Terrifying Diagnosis MAG

By Madalyn Myers, Overland Park, KS

“You have diabetes.” I’ll never forget the day my doctor told me that dreadful news. A week before my sixteenth birthday, I went in for my yearly checkup, with a friend, no less, and not my parents. I didn’t expect anything unusual. “Something seems off with your urine sample, so we’re going to do a couple more tests,” the doctor said, telling me not to worry. Thirty minutes later they called my mom to come in and gave me the diagnosis of type 1 diabetes. My ordinary day turned out to be not so ordinary after all.

Some kids get a car for their sixteenth birthday, or a sweet sixteen party; I got a disease. Just imagine instead of a car parked in front of my house with a huge bow and my name on it, I ran downstairs and found a year’s supply of medical equipment. A box full of needles is every teenager’s dream birthday gift. I mean, I did get a car, it just wasn’t the way I pictured my sweet sixteen, but then again, nobody plans for these kinds of things.

It was an ordeal adjusting to the disease. Being able to eat whatever I wanted for sixteen years, and then one day having to watch what I eat and take insulin shots was difficult to adjust to, not to mention my huge fear of needles.

Looking back at the first time I had to give myself a shot seems funny now, but at the time it might as well have been a death sentence. I looked at the enormous needle in my hand for the longest time, thinking about putting that painful object into my stomach. I imagined the process in my head, but I couldn’t do it. Two hours later, and after a lot of tears, I gave in. Now that wasn’t so bad, I thought, until I realized that for the rest of my life I had to do that every time I wanted to eat. Total bummer. So I attempted to swear off all food until I got what I wanted and the disease went away. That didn’t last very long; I got hungry.

Feeling like the world had ended, and everything in my life was a total mess, I made a trip to a hospital to get educated about my disease. That changed my outlook on everything. I remember riding up in the elevator that day for my appointment. I was throwing myself my very own pity party, the “poor me, everyone has it better, nothing good ever happens to me” thoughts going through my head. Then in walks a boy with his head shaved and a face mask on – leukemia. He was wearing his high school letter jacket filled with patches. He had been quite an athlete, and now he had leukemia: a boy my age who now was on the verge of death. My pity party came to an abrupt halt and ended from then on.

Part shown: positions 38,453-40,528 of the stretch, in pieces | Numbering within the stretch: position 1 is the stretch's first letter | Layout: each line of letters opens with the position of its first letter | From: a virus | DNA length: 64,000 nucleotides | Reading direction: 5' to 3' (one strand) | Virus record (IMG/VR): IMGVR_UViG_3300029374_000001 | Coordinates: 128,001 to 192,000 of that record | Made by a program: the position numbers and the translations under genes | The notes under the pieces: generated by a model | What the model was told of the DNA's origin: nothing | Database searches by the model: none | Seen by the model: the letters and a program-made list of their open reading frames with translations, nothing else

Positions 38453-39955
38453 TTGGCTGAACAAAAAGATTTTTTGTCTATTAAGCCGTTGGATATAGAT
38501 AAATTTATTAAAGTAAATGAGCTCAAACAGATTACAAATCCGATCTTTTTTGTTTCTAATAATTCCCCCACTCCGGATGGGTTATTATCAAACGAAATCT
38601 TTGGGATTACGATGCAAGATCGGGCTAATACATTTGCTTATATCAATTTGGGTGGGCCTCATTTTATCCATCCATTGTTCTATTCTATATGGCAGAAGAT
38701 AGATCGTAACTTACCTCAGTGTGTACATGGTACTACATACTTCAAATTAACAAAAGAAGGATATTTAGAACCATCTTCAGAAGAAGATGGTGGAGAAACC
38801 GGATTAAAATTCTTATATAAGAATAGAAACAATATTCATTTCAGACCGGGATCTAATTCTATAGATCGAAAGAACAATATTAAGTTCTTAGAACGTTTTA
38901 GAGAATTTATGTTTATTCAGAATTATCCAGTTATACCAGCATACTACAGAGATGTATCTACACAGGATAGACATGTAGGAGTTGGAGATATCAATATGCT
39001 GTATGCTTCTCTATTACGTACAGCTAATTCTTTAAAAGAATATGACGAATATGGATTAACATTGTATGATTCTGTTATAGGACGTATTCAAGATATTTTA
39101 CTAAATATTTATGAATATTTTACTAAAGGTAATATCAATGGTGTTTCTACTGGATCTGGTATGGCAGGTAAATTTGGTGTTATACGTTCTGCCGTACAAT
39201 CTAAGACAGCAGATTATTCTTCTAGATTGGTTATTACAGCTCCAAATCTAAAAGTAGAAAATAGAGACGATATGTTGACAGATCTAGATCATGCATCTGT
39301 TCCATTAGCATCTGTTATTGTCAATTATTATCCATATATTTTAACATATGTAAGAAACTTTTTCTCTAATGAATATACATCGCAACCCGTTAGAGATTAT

Diabetes taught me a bunch of valuable lessons. It forced me to grow up quicker. It’s a new responsibility I must follow, or lose my life. It made me realize everything I have to be thankful for and how much worse things could be. I appreciate doctors and what they do a lot more, and realize that they are here to help. Plus, modern medicine is always progressing, and many people dedicate their lives to finding a cure or a treatment to make my life, and others’, easier. And in the meantime I can cope with this disease just fine.



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This article has 5 comments.


on Feb. 20 2010 at 2:24 pm
wordnerd54 SILVER, Sparta, New Jersey
6 articles 0 photos 80 comments

Favorite Quote:
"Writing is a socially acceptable form of schizophrenia." ~E.L. Doctorow

This was really good! I was diagnosed with type 1 diabetes a few weeks before my eighth birthday... everyone always seems to get diagnosed around a birthday or holiday or just something special, isn't that weird?... I know exactly what you mean. It felt like such a big deal when I was first diagnosed. I remember crying every time I had to take a shot or even check my sugar. But now I'm like... okay... big deal, I have to take a shot. I guess you just don't think about it after a while. I've had the same kind of moment like you did with the boy with leukemia, as well. I sometimes think about how out of all the horrible diseases I could have had, I got this one and it isn't so bad.

on Oct. 23 2009 at 10:21 am
Imaginitiveblonde7 SILVER, Williston, Vermont
6 articles 7 photos 6 comments

Favorite Quote:
"To love is to live, and to live you must love."

Hey :) im with you on this! i was diagnosed when i was nine with type one diabetes. it is so very hard and such a pain. (literally). I just hope you can push through and still do well! Im having a hard time of it myself, six years later. :

abby347 said...
on Feb. 15 2009 at 7:06 pm
I have type 1 diabetes as well, i know its hard and well besically it sucks anyway this is really good and written very well!

Kris321 said...
on Dec. 6 2008 at 7:54 pm
I am afrid of needles and wouldnt dare stick on in my stomach but hearing of someone who has to do that everyday, i actually dont think that it is that bad that i have a itty bitty needle stuch in my arm every time i go to the doctor to get my check up...i'm sorry that u didnt get a car but got a box full of needles for your b-day...but i like this article.it makes me want to care about myself a little more.

on Dec. 2 2008 at 1:56 am
this is the best story ever. thanks for writing it.


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